From the Center

This viewpoint is from a writer rated Center.

As friendships and family relationships continue to strain or break over political disagreements, Americans are learning firsthand about a new kind of political polarization: affective polarization. Affective polarization is when we not just disagree with the other side, but show contempt for them.

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How much we dislike the other side is based in part on what we think they believe, including our beliefs about their political attitudes. Yet a new study suggests we may misperceive what the other side actually believes.

In their journal article “Understanding and Combating Misperceived Polarization,” being released publicly on February 22, professors Jeffrey Lees and Mina Cikara showed that polarization is more than just what we feel about the other side. It is also important when we misperceive the other side. Lees is a behavioral scientist at Clemson who recently received his PhD in Organizational Behavior and Psychology from Harvard, and Cikara is an associate professor of Psychology at Harvard.

Lees and Cikara discovered that we harbor overly negative or pessimistic views about not just what members of the other party believe (first-order misperceptions), but about what they believe about us (second-order misperceptions).


Examples of first-order misperceptions would include statements like “All Republicans oppose gun control,” or “All Democrats oppose gun ownership.” Examples of second-order misperceptions would include ideas like “All Democrats think all Republicans are unintelligent” or “All Republicans think all Democrats are evil.”

Collectively, the authors called this tendency “misperceived polarization.”

Lees and Cikara determined that these misperceptions of the other side’s beliefs strongly fuel our growing animosity toward the other party. Luckily, their study referenced their previous 2019 study, which came with a happy ending: learning about our own false beliefs can fix them, and help reduce resentment toward those not in our political in-group.

The authors are especially interested in exploring second-order misperceptions — the overly negative beliefs about what the other side thinks of us. One example of a second-order misperception would be thinking that the other political side hates your side when they actually have only moderately negative emotions.

Less and Cikara discovered that an informational intervention – exposing the large gap between participants’ perception and reality – is especially effective for reducing affective polarization. They offer a compelling explanation for why this might be so.

As deeply social beings, noted Lees and Cikara, we are especially attuned to beliefs that are more reputationally relevant. Reputational relevance helps make second-order misperceptions so important. Second-order misperceptions impact our relationships with the other side; if we think someone actively dislikes us or is angry with us, it can affect if and how we interact with that person. And if we think everyone on the other political side thinks or feels negatively about us, it can affect if and how we interact with anyone on the other side.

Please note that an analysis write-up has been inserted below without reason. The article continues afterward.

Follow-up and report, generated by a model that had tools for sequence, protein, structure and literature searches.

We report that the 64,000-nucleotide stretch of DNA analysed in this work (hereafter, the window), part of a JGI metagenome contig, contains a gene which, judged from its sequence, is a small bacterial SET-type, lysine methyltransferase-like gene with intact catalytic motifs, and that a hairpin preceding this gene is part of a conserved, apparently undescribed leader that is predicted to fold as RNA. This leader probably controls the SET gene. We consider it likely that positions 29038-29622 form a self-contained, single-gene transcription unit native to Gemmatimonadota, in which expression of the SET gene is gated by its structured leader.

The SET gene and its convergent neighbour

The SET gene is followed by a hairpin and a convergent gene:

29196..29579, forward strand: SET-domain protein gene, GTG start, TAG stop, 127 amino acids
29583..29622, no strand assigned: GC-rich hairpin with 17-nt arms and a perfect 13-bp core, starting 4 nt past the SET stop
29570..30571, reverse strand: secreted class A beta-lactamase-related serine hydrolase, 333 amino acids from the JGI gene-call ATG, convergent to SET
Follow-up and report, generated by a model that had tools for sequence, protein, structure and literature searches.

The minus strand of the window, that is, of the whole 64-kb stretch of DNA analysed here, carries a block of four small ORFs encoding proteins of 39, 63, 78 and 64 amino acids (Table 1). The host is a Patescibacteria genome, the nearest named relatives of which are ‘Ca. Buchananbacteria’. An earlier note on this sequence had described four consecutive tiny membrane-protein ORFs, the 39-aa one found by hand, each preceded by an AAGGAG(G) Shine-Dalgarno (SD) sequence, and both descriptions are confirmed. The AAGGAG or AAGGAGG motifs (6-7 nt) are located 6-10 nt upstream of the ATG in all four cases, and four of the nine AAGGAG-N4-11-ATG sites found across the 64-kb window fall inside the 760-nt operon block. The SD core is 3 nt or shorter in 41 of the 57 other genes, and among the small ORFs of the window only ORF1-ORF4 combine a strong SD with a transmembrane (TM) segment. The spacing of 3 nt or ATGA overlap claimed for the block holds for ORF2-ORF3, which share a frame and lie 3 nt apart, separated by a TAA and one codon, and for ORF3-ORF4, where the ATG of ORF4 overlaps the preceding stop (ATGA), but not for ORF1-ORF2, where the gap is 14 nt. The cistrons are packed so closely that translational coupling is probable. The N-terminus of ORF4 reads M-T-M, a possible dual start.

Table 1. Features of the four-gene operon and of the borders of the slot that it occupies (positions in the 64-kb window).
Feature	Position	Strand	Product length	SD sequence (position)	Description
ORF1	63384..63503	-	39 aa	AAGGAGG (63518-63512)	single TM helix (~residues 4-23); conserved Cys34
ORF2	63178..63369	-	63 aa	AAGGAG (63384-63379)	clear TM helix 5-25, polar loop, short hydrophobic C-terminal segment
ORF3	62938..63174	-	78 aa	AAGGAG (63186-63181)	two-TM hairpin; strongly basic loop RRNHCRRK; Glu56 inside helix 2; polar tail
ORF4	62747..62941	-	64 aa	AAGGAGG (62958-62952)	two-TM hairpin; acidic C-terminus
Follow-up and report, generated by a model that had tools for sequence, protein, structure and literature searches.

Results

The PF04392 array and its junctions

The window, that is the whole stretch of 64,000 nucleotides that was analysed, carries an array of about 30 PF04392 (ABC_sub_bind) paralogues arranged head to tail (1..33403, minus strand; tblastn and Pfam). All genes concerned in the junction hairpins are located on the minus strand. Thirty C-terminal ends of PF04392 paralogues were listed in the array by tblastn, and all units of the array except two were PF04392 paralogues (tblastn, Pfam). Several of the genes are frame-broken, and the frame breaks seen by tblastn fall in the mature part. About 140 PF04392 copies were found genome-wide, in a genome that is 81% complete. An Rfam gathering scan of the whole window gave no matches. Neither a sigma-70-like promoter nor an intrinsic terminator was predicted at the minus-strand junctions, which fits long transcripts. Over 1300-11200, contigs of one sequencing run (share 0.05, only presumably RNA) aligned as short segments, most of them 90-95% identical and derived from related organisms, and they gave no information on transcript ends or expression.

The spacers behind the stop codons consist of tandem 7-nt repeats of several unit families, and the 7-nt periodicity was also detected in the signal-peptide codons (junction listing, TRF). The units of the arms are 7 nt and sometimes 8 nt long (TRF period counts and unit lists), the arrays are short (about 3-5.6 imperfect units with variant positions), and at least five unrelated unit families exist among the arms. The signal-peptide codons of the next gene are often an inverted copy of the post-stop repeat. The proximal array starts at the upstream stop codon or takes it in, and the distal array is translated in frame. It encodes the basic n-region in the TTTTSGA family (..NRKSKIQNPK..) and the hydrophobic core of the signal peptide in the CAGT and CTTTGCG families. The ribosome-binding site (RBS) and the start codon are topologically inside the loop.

Meanwhile, first-order misperceptions are usually less directly relevant to relationships. Even if we are mistaken about another’s beliefs about a given topic – including attitudes on a given political topic – it will not necessarily impact the connection.

In email correspondence, Dr. Lees provided a simple example. A first-order misperception (e.g., “I think my best friend’s favorite color is blue, but it is actually green”) may not impact a relationship much. Yet a second-order misperception (“I think my best friend is angry at me for my choice of a paint color, but he is not”) would often more substantially impact interactions and relationships.

Perhaps most tellingly for our volatile political climate, Lees and Cikara cited other recent work from Moore-Berg et. al. (2020). Moore-Berg et. al. found that mistaken beliefs about what members of the opposite party think of us are uniquely associated with the willingness to violate democratic norms in favor of in-group loyalty. In other words, being overly pessimistic about what the other side thinks of us is especially dangerous to our democratic republic.

So as we continue to spar over political differences and grow ever more polarized, let’s remind ourselves of what Lees and Cikara’s studies suggest. Maybe those on the other side do not believe what we think they do, and maybe they do not think as badly of us as we think they do.

If we engaged with the other side or came across informational interventions and learned this, we would be less polarized. Of course, the question of how polarization is tearing apart our friendships and families is complex, and the misperceptions in this focused study are only a piece of the larger puzzle. But at the same time, the findings of the study are significant and offer us a partial answer for how we can piece ourselves together again in these divided times.

Rolf Hendriks is a software engineer with a passion for writing. He became involved in the depolarization movement when he joined Braver Angels, participating in Braver Angels book discussions and debates while publishing a depolarization song for the Braver Angels songwriting contest. Rolf has a Center bias.

This piece was reviewed by James Coan of Braver Angels (Center bias). It was edited by AllSides Managing Editor Henry A. Brechter (Center bias).